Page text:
The Harry Traver-designed ride cars from Kennywood’s former Laff In the Dark ride (1930-1966) were redeployed. The cars, given new bodies by Kennywood carpenters, were designed to look like small, well-weathered boats.
It is believed that Tracy designed and built the first body around one of the cars he had shipped to his shop in Cape May, then Kennywood’s skilled carpenters duplicated Tracy’s design for the remaining vehicles in house.

Looking back on the 1966 off-season installation of the Ghost Ship, maintenance head Fred Weber remembers the weather being cold while he bent the new hot rail track sections for the ride.

A bending jig was set up outside of the dance hall building, and he would go back and forth between the two while fabricating the track.

New sections of track rail were fabricated from 1-inch square steel that the car trolleys followed. Flat plate was placed on the floor where the wheels rode.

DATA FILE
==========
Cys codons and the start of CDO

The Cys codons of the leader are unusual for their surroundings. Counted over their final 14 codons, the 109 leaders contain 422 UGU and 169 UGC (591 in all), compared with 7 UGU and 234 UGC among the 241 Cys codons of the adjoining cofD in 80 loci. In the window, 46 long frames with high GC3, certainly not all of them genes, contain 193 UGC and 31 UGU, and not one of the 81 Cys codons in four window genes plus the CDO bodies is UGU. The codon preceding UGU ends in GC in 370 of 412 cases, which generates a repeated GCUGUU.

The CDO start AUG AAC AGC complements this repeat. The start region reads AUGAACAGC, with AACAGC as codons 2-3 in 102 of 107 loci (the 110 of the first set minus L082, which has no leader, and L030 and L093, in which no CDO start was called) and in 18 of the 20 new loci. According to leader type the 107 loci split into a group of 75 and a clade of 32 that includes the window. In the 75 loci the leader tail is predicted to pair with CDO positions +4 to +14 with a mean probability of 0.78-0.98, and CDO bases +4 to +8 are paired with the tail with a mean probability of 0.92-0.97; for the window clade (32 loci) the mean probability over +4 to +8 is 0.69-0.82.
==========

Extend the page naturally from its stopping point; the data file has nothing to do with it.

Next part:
Fred Weber recalled seeing the Kennywood carpenters, possibly with Tracy, setting the stunts in place throughout the ride.

Park Superintendent Andy Vettel Sr. had 90-degree bends pre-made earlier to ease assembly.

“We didn’t save any track (from Laff In The Dark).  It was already bent for that ride’s specifications.” remarked Weber.

Top: Traver Laff In The Dark car, converted to Ghost Ship boat theme, stands in the Tracy workshop before
being shipped to Kennywood as a model for similar
transformation of the remaining cars.

Above: Ghost Ship manager David Procupp (right) stands behind ride control panel with Ghost Ship crew.